What is a Hallucination?
A hallucination is a false perception occurring without any identifiable external stimulus and indicates an abnormality in perception. The false perceptions can occur in any of the five sensory modalities. Therefore, a hallucination essentially is seeing, hearing, tasting, feeling, or smelling something that is not there. The false perceptions are not accounted for by the person’s religious or cultural background, and the person experiencing hallucinations may or may not have insight into them. Therefore, some people experiencing hallucinations may be aware that the perceptions are false, whereas others may truly believe that what they are seeing, hearing, tasting, feeling, or smelling is real. In cases when the person truly believes the hallucination is real, the individual may also have a delusional interpretation of the hallucination.
Hallucinations must be distinguished from illusions, which are misconceptions of actual external stimuli. In other words, an illusion is essentially seeing, hearing, tasting, feeling, or smelling something that is there, but perceiving it or interpreting it incorrectly. An example of an illusion might be hearing one’s name called when the radio is playing. There is an external auditory stimulus, but it is misperceived. True hallucinations do not include false perceptions that occur while dreaming, while falling asleep, or while waking up.
Hallucinations are symptom of either a medical, neurological, or mental disorder. Hallucinations my present in any of the following mental disorders: psychotic disorder (including schizophrenia, schizophreniform disorder, brief psychotic disorder), bipolar disorder or depression.
Types of Hallucinations
- Auditory – The false perception of sound, music, noises, or voices. Hearing voices when there is no auditory stimulus is the most common type of auditory hallucination in mental disorders. The voice may be heard either inside or outside one’s head and is generally considered more severe when coming from outside one’s head. The voices may be male or female, recognized as the voice of someone familiar or not recognized as familiar, and may be critical or positive. In mental disorders such as schizophrenia, however, the content of what the voices say is usually unpleasant and negative. In schizophrenia, a common symptom is to hear voices conversing and/or commenting.When someone hears voices conversing, they hear two or more voices speaking to each other (usually about the person who is hallucinating). In voices commenting, the person hears a voice making comments about his or her behavior or thoughts, typically in the third person (such as, “isn’t he silly”). Sometimes the voices consist of hearing a “running commentary” on the person’s behavior as it occurs (“she is showering”). Other times, the voices may tell the person to do something (commonly referred to as “command hallucinations”)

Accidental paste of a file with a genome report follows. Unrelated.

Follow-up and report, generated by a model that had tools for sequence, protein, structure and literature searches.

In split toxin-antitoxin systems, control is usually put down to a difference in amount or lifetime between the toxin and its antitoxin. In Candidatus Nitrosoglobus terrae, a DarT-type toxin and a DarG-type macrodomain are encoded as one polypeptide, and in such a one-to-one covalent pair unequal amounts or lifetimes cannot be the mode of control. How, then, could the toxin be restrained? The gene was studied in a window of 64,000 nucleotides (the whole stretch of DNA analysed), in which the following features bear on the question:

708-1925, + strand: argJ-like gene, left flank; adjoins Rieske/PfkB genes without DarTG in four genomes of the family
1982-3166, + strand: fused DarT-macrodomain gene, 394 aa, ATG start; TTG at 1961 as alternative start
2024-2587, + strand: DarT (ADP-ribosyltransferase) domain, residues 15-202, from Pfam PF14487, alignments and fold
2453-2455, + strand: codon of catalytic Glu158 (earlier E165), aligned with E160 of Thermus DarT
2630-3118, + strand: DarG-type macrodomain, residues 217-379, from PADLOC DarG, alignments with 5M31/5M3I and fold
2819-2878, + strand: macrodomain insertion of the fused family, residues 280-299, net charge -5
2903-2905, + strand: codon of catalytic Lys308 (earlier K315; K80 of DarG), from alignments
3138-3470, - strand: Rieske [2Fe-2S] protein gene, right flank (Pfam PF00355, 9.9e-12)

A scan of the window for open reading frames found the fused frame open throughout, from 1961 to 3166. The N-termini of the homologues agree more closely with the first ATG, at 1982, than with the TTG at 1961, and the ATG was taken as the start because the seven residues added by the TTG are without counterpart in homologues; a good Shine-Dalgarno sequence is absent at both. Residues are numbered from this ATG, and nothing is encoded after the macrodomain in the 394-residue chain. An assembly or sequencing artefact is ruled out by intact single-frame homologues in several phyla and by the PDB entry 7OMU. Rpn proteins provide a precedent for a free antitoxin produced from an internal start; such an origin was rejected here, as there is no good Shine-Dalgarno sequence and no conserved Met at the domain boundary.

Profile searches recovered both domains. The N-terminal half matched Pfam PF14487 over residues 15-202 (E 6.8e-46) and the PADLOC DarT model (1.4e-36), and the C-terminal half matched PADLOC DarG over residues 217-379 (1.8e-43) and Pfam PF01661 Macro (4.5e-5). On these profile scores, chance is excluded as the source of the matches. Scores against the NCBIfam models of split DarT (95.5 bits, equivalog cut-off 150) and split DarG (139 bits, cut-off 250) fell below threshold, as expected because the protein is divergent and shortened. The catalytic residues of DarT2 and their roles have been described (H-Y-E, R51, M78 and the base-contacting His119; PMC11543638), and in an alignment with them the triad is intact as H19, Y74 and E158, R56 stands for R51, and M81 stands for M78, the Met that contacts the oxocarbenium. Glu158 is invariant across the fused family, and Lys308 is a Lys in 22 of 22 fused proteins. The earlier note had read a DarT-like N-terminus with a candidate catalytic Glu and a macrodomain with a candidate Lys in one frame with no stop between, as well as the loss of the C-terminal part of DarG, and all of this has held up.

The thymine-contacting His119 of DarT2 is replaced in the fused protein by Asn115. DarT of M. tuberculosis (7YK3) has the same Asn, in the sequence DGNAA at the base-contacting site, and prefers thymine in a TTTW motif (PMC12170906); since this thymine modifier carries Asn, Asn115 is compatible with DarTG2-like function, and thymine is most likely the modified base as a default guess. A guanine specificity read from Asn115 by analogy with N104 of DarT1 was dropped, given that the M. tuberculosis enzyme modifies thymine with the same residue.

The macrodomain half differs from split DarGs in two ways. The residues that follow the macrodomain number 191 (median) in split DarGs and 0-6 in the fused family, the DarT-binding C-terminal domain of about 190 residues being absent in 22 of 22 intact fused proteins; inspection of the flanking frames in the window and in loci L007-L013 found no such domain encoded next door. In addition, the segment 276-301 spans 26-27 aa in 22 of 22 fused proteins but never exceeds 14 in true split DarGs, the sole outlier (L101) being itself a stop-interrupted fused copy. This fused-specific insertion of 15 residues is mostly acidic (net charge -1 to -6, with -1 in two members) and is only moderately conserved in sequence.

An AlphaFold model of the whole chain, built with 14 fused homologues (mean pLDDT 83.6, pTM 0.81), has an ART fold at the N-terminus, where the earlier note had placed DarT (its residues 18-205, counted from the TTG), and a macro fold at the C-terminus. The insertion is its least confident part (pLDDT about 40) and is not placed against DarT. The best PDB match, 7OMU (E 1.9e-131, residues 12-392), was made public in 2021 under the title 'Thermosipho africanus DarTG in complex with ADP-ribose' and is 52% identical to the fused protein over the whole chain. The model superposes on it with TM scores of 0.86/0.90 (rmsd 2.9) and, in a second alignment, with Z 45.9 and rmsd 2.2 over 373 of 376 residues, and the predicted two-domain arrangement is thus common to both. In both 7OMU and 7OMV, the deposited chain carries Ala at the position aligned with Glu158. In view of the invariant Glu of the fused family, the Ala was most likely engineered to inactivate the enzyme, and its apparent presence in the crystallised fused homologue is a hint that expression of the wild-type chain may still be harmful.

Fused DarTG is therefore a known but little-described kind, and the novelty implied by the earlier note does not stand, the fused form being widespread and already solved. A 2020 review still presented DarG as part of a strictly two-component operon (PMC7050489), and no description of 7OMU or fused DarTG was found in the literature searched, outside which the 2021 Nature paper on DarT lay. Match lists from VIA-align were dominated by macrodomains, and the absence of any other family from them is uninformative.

- Gustatory – A false perception of taste. Usually, the experience is unpleasant. For instance, an individual may complain of a persistent taste of metal. This type of hallucination is more commonly seen in some medical disorders (such as epilepsy) than in mental disorders.
- Olfactory hallucination – A false perception of odor or smell. Typically, the experience is very unpleasant. For example, the person may smell decaying fish, dead bodies, or burning rubber. Sometimes, those experiencing olfactory hallucinations believe the odor emanates from them. Olfactory hallucinations are more typical of medical disorders than mental disorders.
- Visual hallucination – A false perception of sight. The content of the hallucination may be anything (such as shapes, colours, and flashes of light) but are typically people or human-like figures. For example, one may perceive a person standing before them when no one is there. Perceptions that would be normal for an individual’s religion or culture are not considered hallucinations
- Command Hallucination – A condition in which individuals hear and sometimes obey voices that command them to perform certain acts. The hallucinations may influence them to engage in behavior that is dangerous to themselves or to others.
Amanda Ogden is from Sydney Australia, and has spent the past 13 years working within the welfare industry in both administration and case management assisting people with mental health issues, mild intellectual disabilities, acquired brain injuries, drug & alcohol, homelessness gain employment. She also loves travelling, creating jewellery, music, friends and family.